• Thermo-molded back panel (designed to shed snow) and curved hipbelt for improved comfort and stability
  • Designated snow tool storage
  • Easy-access zipper pulls and wide-opening main compartment
Cons
  • No shoulder strap insulation for a hydration tube

7. Thule Upslope Snowsports Backpack

Thule Upslope Snowsports Backpack

If we talk of Thule, it’s usually because of their top-tier roof racks and cargo boxes. But it turns out they know how to make a stunning killer ski and snowboard backpack too. Called the Thule Upslope Snowsports Backpack, this useful pack was specially designed to carry all the gear you may need on the mountain including a glove pocket, snow tool slots, a helmet connection point, and either a snowboard or a ski carry straps.

This pack offers great access thanks to a zipper that coils around the entire pack, letting you get to gear in the main compartment without having to take the pack off. The pack carries skis diagonally and a snowboard vertically, with stowable straps to prevent snagging. An insulated hydration sleeve helps prevent the hose freezing, and interior compression keeps your gear secure and stable on the move.

Key Features:

  • Versatile carry options include diagonal ski carry or horizontal and vertical snowboard carry
  • Three ways to access your gear – traditional top load, sling style side access, and main compartment access
  • Internal compression cinches down your load
  • Stowable ice axe loop
  • Insulated hydration sleeve

Specifications:

  • Brand: Thule
  • Capacity: 20L
  • Dimensions: 19.3″ H x 11.8″ W x 10.2″ D
  • Weight: 1.76 lbs
Pros
  • The lining is nice and the pockets to keep things secured (like water bottles) in the pack to allow room for other items is a plus
  • Carries both snowboards and skis, with an adjustable loop to suit different widths
  • Access the main compartment without having to take the pack off
  • Interior compression to help keep the load stable
Cons
  • Exterior lash point for helmet carry but won’t prevent it moving around on the go

8. Dakine Men’s Heli Pack Backpack 12L

Dakine Men's Heli Pack Backpack 12L

While there is a time and place for huge heavy bags, it’s good to have something lightweight to hold all the essential things without throwing off your balance while you ride. The Dakine Men’s Heli Pack Backpack 12L is the perfect low-volume backpack for all the essentials. Designed as a compact technical snow pack with a diagonal ski and vertical snowboard carry system, external shovel carry, and waist and sternum straps to offset the load.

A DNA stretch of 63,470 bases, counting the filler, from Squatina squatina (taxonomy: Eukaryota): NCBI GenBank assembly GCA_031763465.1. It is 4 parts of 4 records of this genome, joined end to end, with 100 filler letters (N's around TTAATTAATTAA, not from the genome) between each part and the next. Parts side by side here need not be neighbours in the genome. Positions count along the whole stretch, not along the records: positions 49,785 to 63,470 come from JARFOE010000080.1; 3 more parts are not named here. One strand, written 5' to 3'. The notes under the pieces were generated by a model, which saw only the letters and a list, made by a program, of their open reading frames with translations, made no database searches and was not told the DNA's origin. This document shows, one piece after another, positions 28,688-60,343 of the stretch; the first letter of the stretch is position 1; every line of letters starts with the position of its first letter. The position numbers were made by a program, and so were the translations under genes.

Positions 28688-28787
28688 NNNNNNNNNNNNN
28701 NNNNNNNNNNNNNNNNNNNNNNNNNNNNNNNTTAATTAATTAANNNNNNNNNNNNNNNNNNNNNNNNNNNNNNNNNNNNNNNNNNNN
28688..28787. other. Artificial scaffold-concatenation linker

Interior pack features include a hydration/laptop sleeve and a fleece-lined pocket for goggles or sunglasses plus DK spine protector compatibility. The Heli Pack 12L is your go-to light and ready pack for year-round outdoor adventure from snowy trails to dirt trails and beyond.

Key Features:

  • Waist and sternum straps
  • Hydration/laptop sleeve
  • Fleece-lined pocket for goggles or sunglasses
  • Rescue whistle on sternum strap
  • Diagonal ski and vertical snowboard carry system

Specifications:

  • Brand: Dakine
  • Capacity: 12L
  • Dimensions: 22″ H x 13″ W x 4″ D
  • Weight: 0.92 lbs
Pros
  • There is an open compartment that can hold a helmet or bulky jacket
  • The backpack has a thin profile which makes it almost unnoticeable in the the chairlift
  • Decent insulation
  • Lightweight
Cons
  • The shoulder straps does not have holders to keep straps from hanging loose

9. Jones Snowboards DSCNT 25L Backpack

Jones Snowboards DSCNT 25L Backpack

The Jones Snowboards DSCNT 25L Backpack is a mid-size touring pack designed to hold everything you need for a basic backcountry mission. The pack’s contoured profile is purposefully designed for ascent/descent performance and keeps the weight of your gear evenly distributed in the center of your torso.